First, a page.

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Former Bachmann Aide Arrested in Theft of Cash, Not Rash of Office Heists Former Bachmann Aide Arrested in Theft of Cash, Not Rash of Office Hei...

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Congress

Former Bachmann Aide Arrested in Theft of Cash, Not Rash of Office Heists

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A former aide to Rep. Michele Bachmann, R-Minn., was arrested last week for allegedly stealing cash from a congressional office building.(Chet Susslin)

U.S. Capitol Police are not linking a former aide to Rep. Michele Bachmann, R-Minn., who was arrested last week for allegedly stealing cash from a congressional office building to a string of thefts from congressional offices last year. The investigation into those thefts remains open.

The arrest Thursday of Javier Sanchez, 37, of Virginia on a misdemeanor theft charge that applies when less than $1,000 has allegedly been stolen--came to light Monday. He has served as a senior legislative assistant to the congresswoman, but her spokesman, Dan Kotman, said, "the person in question is no longer with the office."

 

Capitol Police reported the investigation leading to Sanchez's arrest was prompted by reports of thefts occurring in the Rayburn House Office Building. NBC Washington has described an affidavit as describing those thefts as occurring in February and March from Bachmann's office. According to the station, Sanchez was later caught in a police sting operation involving a hidden camera and two envelopes of cash placed in the office, one marked "petty cash" on one desk and another "birthday money" on another. Money from both envelopes was reported missing on June 25, the station reported.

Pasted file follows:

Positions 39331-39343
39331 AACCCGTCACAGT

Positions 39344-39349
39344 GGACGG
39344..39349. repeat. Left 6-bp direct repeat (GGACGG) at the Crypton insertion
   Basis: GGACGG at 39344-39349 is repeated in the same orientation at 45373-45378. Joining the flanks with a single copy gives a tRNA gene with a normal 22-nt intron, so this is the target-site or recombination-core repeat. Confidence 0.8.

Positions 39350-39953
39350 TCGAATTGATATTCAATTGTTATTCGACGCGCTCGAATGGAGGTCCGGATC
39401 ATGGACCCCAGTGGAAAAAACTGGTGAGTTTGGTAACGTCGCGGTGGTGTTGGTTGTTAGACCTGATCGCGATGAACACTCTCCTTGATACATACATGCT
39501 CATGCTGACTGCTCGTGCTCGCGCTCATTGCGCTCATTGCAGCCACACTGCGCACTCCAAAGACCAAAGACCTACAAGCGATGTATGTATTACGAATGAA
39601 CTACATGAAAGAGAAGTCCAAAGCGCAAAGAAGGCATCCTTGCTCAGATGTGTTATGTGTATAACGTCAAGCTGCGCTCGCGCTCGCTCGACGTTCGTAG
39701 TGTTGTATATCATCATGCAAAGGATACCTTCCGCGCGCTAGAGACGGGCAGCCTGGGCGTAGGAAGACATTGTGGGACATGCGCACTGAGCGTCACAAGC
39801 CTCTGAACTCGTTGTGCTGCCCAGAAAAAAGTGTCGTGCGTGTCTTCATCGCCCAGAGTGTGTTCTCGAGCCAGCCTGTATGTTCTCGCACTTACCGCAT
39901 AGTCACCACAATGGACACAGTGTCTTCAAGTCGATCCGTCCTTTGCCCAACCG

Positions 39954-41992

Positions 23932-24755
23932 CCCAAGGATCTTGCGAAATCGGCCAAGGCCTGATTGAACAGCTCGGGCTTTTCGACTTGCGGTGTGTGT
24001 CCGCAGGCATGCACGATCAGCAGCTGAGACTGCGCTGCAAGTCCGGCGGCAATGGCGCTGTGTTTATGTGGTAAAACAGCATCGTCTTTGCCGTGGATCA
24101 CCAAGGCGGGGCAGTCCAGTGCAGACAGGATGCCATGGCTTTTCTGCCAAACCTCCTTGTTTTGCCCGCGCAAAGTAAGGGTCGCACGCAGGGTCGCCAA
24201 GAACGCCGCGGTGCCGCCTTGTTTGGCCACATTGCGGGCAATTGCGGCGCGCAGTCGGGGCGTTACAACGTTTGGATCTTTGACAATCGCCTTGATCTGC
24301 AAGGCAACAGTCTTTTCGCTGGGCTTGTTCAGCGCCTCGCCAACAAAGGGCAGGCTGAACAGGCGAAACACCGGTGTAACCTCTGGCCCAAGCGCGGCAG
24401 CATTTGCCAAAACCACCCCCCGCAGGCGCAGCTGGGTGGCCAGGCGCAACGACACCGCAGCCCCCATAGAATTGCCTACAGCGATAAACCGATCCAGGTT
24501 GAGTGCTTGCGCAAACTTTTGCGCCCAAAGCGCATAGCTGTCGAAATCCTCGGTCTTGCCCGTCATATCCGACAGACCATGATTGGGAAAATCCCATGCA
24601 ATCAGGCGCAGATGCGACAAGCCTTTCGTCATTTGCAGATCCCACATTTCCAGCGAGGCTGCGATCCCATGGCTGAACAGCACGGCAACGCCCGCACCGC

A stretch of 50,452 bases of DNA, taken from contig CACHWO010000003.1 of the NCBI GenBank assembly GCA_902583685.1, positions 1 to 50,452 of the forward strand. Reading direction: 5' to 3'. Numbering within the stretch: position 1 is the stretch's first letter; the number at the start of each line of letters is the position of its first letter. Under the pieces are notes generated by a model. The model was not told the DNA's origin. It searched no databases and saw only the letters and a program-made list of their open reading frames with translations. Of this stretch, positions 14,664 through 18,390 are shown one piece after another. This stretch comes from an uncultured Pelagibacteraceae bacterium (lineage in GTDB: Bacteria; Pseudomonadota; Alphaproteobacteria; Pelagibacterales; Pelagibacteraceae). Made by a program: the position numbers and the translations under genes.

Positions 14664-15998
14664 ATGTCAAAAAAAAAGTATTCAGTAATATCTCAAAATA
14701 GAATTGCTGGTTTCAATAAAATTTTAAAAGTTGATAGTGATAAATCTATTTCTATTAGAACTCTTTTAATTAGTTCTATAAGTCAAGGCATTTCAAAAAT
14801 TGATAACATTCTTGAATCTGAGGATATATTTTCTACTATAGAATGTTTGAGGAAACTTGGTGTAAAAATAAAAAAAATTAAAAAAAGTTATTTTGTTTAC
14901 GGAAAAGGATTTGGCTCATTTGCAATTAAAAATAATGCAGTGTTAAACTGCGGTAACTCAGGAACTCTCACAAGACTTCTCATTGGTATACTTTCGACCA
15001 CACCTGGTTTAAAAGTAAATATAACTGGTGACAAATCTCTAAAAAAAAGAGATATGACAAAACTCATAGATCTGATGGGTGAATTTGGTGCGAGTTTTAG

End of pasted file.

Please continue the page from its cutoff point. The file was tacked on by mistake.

National Journal has learned police are not tying Sanchez to the rash of unsolved thefts or break-ins into several lawmakers' and committee offices in Rayburn and the Cannon House Office Building, dating from the spring of 2012. In those cases, items stolen were high in street value. Computer monitors, cameras, and cash were taken most frequently; other items included blazers, personal iPods, and, in three cases, alcohol. Also reported lost were bottles of wine and signed baseballs, as well as presidential Easter eggs. In at least four cases, thieves broke into the offices during the evening while doors were locked.

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